Glutaraldehyde is a colorless liquid with a pungent odor used to sterilize medical and dental equipment. It is also used for industrial water treatment and as a chemical preservative. However, it is toxic, causing severe eye, nose, throat and lung irritation, along with headaches, drowsiness and dizziness.
Glutaraldehyde is an oily liquid at room temperature (density 1.06 g/mL), and miscible with water, alcohol, and benzene. It is used as a tissue fixative in electron microscopy. It is employed as an embalming fluid, is a component of leather tanning solutions, and occurs as an intermediate in the production of certain industrial chemicals. Glutaraldehyde is frequently used in biochemistry applications as an amine-reactive homobifunctional crosslinker. The oligomeric state of proteins can be examined through this application.
Monomeric glutaraldehyde can polymerize by aldol condensation reaction yielding alpha,beta-unsaturated poly-glutaraldehyde. This reaction usually occurs at alkaline pH values.
Glutaraldehyde is used in biological electron microscopy as a fixative. It kills cells quickly by crosslinking their proteins and is usually employed alone or mixed with formaldehyde as the first of two fixative processes to stabilize specimens such as bacteria, plant material, and human cells. A second fixative procedure uses osmium tetroxide to crosslink and stabilise cell and organelle membrane lipids. Fixation is usually followed by dehydration of the tissue in ethanol or acetone, followed by embedment in an epoxy resin or acrylic resin.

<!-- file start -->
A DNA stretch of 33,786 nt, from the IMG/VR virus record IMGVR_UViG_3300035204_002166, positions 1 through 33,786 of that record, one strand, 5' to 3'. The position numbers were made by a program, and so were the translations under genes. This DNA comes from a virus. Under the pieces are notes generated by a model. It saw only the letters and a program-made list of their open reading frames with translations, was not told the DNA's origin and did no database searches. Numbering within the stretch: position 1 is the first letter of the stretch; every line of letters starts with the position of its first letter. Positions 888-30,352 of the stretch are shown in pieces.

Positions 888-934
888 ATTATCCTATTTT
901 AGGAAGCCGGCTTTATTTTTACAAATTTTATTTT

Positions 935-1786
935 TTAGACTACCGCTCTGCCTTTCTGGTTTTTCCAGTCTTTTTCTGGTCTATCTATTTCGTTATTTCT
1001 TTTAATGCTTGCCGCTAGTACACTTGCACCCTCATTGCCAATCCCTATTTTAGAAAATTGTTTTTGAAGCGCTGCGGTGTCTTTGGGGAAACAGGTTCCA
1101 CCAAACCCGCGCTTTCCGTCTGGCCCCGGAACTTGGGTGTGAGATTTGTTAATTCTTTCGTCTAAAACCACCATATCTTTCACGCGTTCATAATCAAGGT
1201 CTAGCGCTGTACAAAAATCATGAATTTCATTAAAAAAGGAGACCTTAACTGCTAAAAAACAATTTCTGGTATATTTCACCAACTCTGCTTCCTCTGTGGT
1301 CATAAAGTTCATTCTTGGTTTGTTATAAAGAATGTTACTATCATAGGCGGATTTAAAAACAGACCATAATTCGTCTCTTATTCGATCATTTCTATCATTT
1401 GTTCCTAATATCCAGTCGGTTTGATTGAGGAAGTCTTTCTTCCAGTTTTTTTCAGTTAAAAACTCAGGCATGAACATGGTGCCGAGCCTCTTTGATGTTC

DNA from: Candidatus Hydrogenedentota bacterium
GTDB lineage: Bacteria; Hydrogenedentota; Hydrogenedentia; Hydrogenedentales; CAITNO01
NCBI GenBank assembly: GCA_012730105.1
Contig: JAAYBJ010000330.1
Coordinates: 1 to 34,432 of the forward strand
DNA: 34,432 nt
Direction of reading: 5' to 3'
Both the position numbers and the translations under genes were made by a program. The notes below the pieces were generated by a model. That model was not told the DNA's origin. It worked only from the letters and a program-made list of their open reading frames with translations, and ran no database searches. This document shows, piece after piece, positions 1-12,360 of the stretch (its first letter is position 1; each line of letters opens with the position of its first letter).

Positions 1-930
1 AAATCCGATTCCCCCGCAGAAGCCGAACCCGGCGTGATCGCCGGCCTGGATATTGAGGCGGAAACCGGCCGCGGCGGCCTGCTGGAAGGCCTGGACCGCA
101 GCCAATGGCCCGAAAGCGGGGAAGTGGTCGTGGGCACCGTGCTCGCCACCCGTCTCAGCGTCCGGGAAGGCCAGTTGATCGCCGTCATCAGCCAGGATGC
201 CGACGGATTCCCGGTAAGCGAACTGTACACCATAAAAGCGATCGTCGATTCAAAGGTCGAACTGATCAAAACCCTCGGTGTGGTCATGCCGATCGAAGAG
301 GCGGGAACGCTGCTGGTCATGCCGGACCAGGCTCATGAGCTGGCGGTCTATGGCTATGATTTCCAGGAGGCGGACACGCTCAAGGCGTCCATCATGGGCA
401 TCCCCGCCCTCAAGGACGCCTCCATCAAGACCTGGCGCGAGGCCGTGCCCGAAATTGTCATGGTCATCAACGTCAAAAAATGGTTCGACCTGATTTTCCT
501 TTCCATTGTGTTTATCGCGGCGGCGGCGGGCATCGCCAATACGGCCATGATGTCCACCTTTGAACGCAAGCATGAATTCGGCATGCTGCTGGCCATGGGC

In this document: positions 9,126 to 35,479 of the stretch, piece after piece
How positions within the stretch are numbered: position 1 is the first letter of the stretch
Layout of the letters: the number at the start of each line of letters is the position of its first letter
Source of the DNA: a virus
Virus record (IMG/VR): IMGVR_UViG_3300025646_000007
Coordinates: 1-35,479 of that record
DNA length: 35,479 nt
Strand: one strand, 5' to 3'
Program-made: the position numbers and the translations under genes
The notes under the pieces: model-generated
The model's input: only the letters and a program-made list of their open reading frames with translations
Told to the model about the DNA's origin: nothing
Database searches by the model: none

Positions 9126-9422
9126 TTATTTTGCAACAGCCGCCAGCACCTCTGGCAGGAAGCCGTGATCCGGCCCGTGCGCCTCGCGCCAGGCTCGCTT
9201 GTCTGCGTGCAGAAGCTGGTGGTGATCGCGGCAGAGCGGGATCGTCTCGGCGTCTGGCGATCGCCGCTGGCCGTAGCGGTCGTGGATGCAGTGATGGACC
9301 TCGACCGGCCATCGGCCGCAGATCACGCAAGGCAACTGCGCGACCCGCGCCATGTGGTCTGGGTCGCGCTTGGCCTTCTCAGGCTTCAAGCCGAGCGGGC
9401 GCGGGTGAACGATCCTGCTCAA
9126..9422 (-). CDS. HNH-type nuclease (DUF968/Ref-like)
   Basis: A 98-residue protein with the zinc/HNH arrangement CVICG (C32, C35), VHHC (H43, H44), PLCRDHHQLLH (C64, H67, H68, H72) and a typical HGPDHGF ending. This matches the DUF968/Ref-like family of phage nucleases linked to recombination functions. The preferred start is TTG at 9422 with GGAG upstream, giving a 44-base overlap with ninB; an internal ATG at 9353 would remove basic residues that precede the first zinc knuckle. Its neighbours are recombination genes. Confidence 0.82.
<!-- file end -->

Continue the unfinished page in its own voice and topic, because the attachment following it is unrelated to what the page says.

Glutaraldehyde is also used in SDS-PAGE to fix proteins and peptides prior to staining. Typically, a gel is treated with a 5% solution for approximately one half hour, after which it must be thoroughly washed to remove the yellow stain brought about by reacting with free tris.
A polymerized isomer of glutaraldehyde known as polycycloglutaracetal is a fertilizer for aquatic plants. It is claimed that it provides a bioavailable source of carbon for higher plants that is not available to algae. Though not marketed as such due to federal regulations, the biocidal effect of glutaraldehyde kills most algae at concentrations of 0.5 - 5.0 ppm. These levels are not harmful to most aquatic fauna and flora. Adverse reactions have been observed by some aquarists at these concentrations in some aquatic mosses, liverworts, and vascular plants.